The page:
Join Date: Apr 2010
Thanked 0 Times in 0 Posts
Rep Power: 0
Re: Balboa 20 owners?
Had a busy last couple of days and haven't been on sailnet. Some crude diagrams are attached.
In my 1972 B20:
The cast-metal masthead assembly incorporates two sheeves held in with clevis pins. The main halyard runs from the main headboard up the aft side of the mast, over both sheeves in the masthead and down the forward/starboard side of the mast to a cleat. The sheeves themselves are made for wire/rope combo halyards (perhaps factory halyards were combo?) I just use 5/16 stayset.
The jib halyard block and forestay are both attached to a "mast hound". The forestay is attached to an upper hole in the hound and the jib block to a lower hole using a shackle. The halyard is lead from the jib head round the block and down to a cleat on the port side of the mast.
The way I've led them left/right-wise is convenient for a right-hander. If you are left-handed, you may want to switch the left/right disposition of the halyards.
The main sheet setup on my boat is "factory" and does not use a traveler or car. There are three blocks: a single block with a "standup" spring on the port quarter, a double block attached to the outboard end of the boom and a single block with 1) a standup spring, 2)a becket and 3) a double cam cleat attached to the starboard quarter.
The sheet is tied to the becket on the starboard quarter block then led:
-through the double block on the boom
-around the single block on the port quarter
-back throught the double block on the boom
-around the single block on the starboard quarter and throught the cam cleat.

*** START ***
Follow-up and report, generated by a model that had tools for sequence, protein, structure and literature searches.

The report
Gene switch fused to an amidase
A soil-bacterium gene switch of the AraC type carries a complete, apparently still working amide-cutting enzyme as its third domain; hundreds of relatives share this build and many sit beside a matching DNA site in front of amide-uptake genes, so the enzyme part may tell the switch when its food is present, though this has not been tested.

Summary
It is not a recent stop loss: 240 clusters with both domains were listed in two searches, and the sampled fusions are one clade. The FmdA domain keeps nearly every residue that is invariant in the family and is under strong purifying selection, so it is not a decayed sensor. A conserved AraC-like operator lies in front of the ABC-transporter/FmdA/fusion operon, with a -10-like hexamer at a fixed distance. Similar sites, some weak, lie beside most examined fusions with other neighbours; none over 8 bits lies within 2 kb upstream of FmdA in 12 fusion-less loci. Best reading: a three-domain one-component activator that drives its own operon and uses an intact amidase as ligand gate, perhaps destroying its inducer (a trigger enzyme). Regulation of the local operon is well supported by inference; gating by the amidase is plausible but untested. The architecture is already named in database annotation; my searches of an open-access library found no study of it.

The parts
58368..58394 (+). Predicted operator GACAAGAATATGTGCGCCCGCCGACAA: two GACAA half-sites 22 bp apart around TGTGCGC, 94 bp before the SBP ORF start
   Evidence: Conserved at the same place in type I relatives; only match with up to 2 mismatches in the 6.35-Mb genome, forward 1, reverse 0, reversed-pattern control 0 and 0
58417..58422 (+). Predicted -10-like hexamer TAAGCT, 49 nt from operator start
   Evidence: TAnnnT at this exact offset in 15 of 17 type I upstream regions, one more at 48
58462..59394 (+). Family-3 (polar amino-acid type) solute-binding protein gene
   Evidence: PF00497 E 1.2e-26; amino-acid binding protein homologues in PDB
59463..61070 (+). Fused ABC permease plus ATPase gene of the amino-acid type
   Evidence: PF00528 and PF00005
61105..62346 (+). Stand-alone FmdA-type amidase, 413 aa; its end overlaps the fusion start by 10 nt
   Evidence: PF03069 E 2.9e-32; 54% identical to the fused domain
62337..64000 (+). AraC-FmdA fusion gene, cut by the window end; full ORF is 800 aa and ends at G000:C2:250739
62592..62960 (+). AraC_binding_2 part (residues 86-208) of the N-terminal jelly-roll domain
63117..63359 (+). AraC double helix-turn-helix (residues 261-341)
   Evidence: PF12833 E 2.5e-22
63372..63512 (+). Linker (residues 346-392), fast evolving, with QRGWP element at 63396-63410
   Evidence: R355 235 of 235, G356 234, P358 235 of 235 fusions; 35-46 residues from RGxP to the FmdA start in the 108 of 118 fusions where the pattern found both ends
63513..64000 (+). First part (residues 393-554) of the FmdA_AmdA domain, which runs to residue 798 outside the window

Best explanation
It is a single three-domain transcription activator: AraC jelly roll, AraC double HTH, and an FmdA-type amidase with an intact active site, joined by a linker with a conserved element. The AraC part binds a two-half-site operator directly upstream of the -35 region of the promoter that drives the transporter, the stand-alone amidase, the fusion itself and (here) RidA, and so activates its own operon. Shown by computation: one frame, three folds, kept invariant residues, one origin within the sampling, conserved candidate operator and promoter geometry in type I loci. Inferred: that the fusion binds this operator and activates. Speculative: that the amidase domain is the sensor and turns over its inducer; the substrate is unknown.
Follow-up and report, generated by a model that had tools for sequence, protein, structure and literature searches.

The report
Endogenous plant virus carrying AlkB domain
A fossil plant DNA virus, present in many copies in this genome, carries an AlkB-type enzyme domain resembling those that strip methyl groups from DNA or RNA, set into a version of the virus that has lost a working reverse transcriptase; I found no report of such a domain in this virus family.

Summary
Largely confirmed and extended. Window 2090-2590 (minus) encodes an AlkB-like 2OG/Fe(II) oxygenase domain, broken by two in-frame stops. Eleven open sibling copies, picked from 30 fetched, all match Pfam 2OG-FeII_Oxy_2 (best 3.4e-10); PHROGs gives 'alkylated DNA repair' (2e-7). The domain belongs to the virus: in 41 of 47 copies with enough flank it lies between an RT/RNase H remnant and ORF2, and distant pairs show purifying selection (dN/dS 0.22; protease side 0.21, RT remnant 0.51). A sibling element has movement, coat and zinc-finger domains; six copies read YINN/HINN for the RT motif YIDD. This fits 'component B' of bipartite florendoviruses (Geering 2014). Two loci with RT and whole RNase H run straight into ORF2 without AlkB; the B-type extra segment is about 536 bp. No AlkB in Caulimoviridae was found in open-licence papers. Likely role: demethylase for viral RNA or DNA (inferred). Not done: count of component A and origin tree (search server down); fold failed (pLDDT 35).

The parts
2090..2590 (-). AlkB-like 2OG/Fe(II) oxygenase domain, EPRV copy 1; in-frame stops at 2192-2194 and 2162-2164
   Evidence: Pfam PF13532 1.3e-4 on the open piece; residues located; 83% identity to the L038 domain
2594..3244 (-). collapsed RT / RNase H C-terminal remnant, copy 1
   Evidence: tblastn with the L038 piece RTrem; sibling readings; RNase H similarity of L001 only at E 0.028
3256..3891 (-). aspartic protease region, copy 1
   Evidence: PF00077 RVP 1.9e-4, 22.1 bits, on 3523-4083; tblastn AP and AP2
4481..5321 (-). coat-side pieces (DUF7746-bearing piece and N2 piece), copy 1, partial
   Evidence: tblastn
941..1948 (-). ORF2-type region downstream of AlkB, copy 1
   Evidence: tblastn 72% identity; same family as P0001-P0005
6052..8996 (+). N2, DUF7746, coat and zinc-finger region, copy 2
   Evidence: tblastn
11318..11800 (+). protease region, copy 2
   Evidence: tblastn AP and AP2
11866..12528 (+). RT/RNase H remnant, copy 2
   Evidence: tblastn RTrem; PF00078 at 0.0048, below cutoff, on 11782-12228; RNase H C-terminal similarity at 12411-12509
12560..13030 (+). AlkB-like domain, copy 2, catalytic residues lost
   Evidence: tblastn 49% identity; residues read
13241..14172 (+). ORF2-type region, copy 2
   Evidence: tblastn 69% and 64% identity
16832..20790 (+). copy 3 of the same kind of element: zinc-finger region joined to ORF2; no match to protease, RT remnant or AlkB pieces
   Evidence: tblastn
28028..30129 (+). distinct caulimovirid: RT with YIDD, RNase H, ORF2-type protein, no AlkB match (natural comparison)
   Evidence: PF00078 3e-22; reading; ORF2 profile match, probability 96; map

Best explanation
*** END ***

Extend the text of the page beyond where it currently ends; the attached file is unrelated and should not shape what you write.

We usually cleat the main sheet on a regular cleat as well 'cause it easily shakes loose from the cam cleat. With this setup you have 4:1 purchase.
I do not miss having a traveler/car but then again I do not race. We just set up other lines as needed if we need to hold the boom inboard in light airs or flatten the sail in stronger ones.
The factory setup for the jib sheet (shown starboard on the diagram) is simply to lead the sheet through a fairlead (mounted next to the toerail) back to a self-jamming cleat mounted on the cockpit coaming.
Now, the previous owner added winches on the cockpit coamings and 1-inch genoa tracks with single-block cars on the side decks. So we lead the jib through the block on the car over to the winch and back to the cleat. This is shown on the port side of the diagram. The winches are mounted in the coaming without any wooden base to adjust the lead-in angle. The angle of the coaming (on which the winches are mounted is OK when the genoa cars are set aft of the winches but not when the cars are set forward of the winches or when using the factory fairleads. For almost all sailing, I actually don't need to use the winches -I just trim by hand.
In addition there are forward-facing plastic jam-cleats mounted on the inside of the cockpit coming that can used to cleat the jib.
I use 5/16 lines for all running rigging except the jib sheets. For those I am currently using 1/2 inch. (Because I don't generally use the winches, the 1/2 inch is easier on the hands.)
MY advice (and I've read elsewhere as well for B-20's) is to take the factory backstay and turn the turnbuckle down and shorten it as short as it can go. With the backstay adjusted so, the factory forestay won't be long enough and you have to use an additional shackle or chain link or two to make up the gap (the factory shrouds will still fit though). The slight aft rake this imparts to the mast makes a world of difference in handling. Both in pressure needed to steer upwind and reducing rolling experienced downwind.
ASLO, the rudder is set up to swing up and down. There is almost never any reason to use the "up" position for sailng except shallowest, weedy of inlets or when loading onto or unloading from the trailer. (DO unship the rudder entirely when on the road trailering.) There is absolutely no use for any position other than all the way up or all the way down. Now, if you position your outboard so the propellor just clears the turn of the hull you will find it will not contact the rudder in either the full up or down position.
Last edited by gregor1234; 04-19-2012 at 12:51 PM.